The concept of "jaywalking" has become deeply embedded in American culture, but if you go back just a few generations, the idea that your mere presence in the street could be illegal was a novel idea. Now one elected official in Seattle is suggesting that laws penalizing people outside of cars have gone too far.
The five-way intersection of Belmont, Western, and Clybourn, as well as the stretch of Western between the Chicago River and Lane Tech High, is friendlier to pedestrians and a lot less gloomy thanks to the just-completed project to remove the nearly 60-year-old Riverview flyover. However, the street makeover missed some opportunities to make the corridor […]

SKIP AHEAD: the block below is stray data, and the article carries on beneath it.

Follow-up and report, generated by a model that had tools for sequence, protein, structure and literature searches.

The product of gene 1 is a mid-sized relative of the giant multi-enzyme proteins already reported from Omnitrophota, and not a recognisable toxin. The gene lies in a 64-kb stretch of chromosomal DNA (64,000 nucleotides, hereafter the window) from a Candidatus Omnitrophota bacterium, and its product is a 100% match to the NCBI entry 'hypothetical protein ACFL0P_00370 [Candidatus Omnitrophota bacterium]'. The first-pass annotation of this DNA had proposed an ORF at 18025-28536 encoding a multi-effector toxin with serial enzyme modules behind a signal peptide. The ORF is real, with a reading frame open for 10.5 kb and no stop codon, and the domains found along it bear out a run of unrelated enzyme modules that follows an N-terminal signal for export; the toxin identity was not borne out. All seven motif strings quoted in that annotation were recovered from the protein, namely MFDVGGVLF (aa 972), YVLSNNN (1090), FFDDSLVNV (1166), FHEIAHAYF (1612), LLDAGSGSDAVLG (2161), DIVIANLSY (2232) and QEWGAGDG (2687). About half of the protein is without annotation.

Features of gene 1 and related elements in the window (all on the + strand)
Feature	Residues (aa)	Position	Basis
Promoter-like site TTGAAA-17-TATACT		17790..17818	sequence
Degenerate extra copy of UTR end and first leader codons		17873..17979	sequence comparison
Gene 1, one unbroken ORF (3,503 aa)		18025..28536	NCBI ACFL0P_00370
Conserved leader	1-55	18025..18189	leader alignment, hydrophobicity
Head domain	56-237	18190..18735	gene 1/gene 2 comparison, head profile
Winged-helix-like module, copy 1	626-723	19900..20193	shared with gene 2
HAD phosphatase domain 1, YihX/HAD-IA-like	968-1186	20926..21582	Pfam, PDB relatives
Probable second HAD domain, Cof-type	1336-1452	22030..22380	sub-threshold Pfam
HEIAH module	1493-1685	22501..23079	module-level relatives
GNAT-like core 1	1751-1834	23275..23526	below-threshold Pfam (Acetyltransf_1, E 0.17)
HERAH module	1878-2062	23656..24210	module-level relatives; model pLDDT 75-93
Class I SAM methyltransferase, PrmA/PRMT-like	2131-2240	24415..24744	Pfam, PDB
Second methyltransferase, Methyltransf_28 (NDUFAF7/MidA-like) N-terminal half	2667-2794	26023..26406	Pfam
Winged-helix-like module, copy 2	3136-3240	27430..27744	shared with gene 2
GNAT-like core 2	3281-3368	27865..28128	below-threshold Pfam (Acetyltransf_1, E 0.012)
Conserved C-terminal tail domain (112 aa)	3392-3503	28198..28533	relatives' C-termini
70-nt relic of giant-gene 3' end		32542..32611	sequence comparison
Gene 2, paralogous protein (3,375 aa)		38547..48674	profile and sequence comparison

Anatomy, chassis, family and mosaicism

Police and city planners in Sacramento have come under scrutiny in the weeks since police were caught on tape assaulting Nandi Cain, Jr., a black man, during a jaywalking stop. Cain, who was legally using an unmarked crosswalk, has since filed a civil rights lawsuit against the city. Now, reporters are looking into why there are so few marked crosswalks in one of Sacramento's poorest areas.
North Dakota state rep Keith Kempenich has had enough of people exercising their right to assembly and free expression. In response to the protests at Standing Rock, Kempenich has introduced legislation to shield drivers from penalty who unintentionally strike a pedestrian "obstructing vehicular traffic."